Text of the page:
But we decided to up the game. Our guests would meet first for a crafty project -- something that could be done in a couple of hours, something that would be more or less finished by that time and something where everyone's would be unique.
Barb found a twig hanging on the blog Design, Dining and Diapers. After creating a couple of samples (and being convinced that it could be taught in the time allowed, we chose that project. Lunch, an English tea, would follow.
This is part one of a two-part post -- the Making. The Tea post will appear as part of Vanessa's annual Mad Hatter Tea Party and post on July 11.
We started out with piles of twigs/branches. The secret to this (and you can find complete directions at the original link) is to 1) determine the size you want your wreath and its orientation (vertical, horizontal or square) 2) determine if it is to be indoor or outdoor 3) decide its purpose (a welcome, a simple hanging, a photo frame, etc.)
|Jeanie's sample photo frame|
Then cut the twigs -- we used red dogwood, since Barb had tons of it, but it could be any interesting not-too-thick branch.
The main thing to consider is that the twigs much be about two inches longer on each end to allow for connecting with the twine or string that will hold it into shape. For example, for my photo frame, the mat was 8x10. My twigs had to be 10x12.
It helps to bundle them with a rubber band to hold them together as you wrap the sides in a criss-cross. (Tie a knot on the back with a long piece of twine, then wrap diagonally for a bit and do the reverse diagonal.) If you screw up and mix up back and front, never mind. That's what glue guns are for. (The rubber bands keep the twigs from "branching out," so to speak -- and from your twine getting caught up in them like a spider web!)
Once you get everything lined up into the proper shape, then you're ready to connect them.
|Getting everything positioned well helps make the wreath look more professional!|
Once it's together, start choosing your embellishments and glue to your heart's content. This is where every hanging becomes different. Pat had a wine theme, with grapes and corks. Jan decided to use hers as a "lost and lonely jewelry display" hanging. Lots of us used moss and even dried hydrangeas, like Jane's.
Julie, a gardener, reflected the natural world in hers. Kate decided to create a photo frame and finish it off at home. Anne also reflected the natural world of the garden.
Mine was sort of a springy, gardeny mix!
Many of us used a bird's nest which Barb showed us how to make. I'll give instructions for that in a future post.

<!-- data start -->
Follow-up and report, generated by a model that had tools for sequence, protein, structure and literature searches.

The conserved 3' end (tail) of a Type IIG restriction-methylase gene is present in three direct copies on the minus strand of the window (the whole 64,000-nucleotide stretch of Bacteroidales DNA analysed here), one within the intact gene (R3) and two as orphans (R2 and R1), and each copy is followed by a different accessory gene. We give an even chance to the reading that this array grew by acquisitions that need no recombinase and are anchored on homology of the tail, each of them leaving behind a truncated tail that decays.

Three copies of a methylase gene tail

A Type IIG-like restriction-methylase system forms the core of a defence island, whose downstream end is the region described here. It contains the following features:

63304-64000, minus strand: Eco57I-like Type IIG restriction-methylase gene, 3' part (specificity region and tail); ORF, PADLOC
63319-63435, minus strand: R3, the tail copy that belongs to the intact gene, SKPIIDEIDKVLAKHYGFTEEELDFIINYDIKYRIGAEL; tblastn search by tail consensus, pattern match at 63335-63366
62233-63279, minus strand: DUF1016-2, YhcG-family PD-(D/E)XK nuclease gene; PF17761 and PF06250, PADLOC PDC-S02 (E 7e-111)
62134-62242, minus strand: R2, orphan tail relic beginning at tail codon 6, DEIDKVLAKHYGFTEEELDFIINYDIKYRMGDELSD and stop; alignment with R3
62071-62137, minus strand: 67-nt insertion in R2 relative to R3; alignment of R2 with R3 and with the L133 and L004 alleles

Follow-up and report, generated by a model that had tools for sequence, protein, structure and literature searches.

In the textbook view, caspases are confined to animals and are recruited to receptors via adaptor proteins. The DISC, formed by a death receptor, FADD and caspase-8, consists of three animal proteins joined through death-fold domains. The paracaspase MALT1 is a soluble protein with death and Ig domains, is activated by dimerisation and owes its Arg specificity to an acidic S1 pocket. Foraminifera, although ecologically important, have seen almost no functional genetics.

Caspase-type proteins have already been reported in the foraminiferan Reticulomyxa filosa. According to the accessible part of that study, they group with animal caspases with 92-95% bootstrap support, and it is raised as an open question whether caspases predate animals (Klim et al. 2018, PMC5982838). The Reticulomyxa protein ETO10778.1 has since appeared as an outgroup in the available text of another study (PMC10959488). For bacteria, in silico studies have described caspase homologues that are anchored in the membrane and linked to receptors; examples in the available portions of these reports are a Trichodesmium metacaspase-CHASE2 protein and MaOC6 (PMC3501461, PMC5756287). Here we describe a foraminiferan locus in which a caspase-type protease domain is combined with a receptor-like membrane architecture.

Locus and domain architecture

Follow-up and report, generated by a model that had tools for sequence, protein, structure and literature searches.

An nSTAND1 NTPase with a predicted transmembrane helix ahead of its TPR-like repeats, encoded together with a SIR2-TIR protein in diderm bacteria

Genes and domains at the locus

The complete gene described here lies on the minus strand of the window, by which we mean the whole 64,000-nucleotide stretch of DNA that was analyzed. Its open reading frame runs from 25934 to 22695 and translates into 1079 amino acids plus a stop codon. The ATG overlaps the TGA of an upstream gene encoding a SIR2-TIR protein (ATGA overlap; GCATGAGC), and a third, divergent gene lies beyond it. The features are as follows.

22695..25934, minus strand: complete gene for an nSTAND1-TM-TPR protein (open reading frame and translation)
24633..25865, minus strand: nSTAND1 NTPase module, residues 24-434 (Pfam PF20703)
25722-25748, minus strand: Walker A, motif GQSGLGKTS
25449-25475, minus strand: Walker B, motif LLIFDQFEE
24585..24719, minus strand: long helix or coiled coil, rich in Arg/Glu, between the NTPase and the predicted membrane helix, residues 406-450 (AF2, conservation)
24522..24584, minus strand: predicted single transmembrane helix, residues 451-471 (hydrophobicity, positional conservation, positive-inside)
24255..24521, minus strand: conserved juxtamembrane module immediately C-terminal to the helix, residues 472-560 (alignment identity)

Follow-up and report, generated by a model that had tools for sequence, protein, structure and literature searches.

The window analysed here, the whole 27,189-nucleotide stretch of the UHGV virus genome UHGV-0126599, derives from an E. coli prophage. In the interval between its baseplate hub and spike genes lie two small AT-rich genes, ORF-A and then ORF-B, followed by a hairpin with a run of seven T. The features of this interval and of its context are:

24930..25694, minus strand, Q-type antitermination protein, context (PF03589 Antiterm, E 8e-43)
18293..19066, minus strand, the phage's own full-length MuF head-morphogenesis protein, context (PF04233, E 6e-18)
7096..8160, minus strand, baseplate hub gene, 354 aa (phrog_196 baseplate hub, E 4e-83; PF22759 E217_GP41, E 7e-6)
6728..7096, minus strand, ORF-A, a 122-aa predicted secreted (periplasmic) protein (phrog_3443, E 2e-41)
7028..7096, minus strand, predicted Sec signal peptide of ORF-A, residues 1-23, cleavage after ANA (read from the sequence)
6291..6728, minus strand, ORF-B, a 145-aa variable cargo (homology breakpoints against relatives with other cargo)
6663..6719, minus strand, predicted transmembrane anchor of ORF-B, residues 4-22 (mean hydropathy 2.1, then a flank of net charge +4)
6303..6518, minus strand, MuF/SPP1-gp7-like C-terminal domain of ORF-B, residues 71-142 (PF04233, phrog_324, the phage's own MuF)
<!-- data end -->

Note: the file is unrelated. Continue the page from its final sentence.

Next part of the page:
|One of Barb's mossy nests|
Some used paper clay eggs tinted to the chosen color. (I put a terra cotta star in mine.)
|Julie painted paper clay eggs blue for her nest.|
The joys of this were numerous. This particular project was great for people that really aren't into crafts since it can be so original and unique.
And it has purpose. Don't you hate doing a project you may never have use for?
And, the set-up brought about camaraderie. Some of our guests knew each other, but no one knew everyone. By the end of the day, they were talking like old friends. We gave the guests plenty of room (no more than three at a table, since the branches were a bit unruly to start) and then set up stations for hot glue, paper embellishments and other embellishments like lavender, moss, birds, butterflies and eggs.
If you are hosting, our hints!
- Use dollar store plastic table cloths that you can easily wrap up all the loose twigs and bits for fast clean-up.
- Consider old books, encyclopedias and the ever-popular printer for words to tuck in.
- Feel free to tuck in branches and bits after you are glued together for a wilder, more rustic look.
- The Dollar Store may well have the best deal on Spanish Moss ever. (Dollar Tree) Reindeer moss is fun, too.
- If possible, do on an easy-sweep surface. We were on carpet in the basement and it's OK and much more comfy but the clean-up is a bit more difficult unless your vacuum is into twigs.
- If hosting a group, suggest that if possible guests bring clippers, which is easier for everyone. But have extras.
- Also, with a group, having two or three gluing stations is useful as well as stations for your embellishments or paper. This lets people work at their own pace and avoid too many people around too small a space.
A successful project, lots of smiles. Then it was on to lunch -- but you'll have to wait a few posts for that one!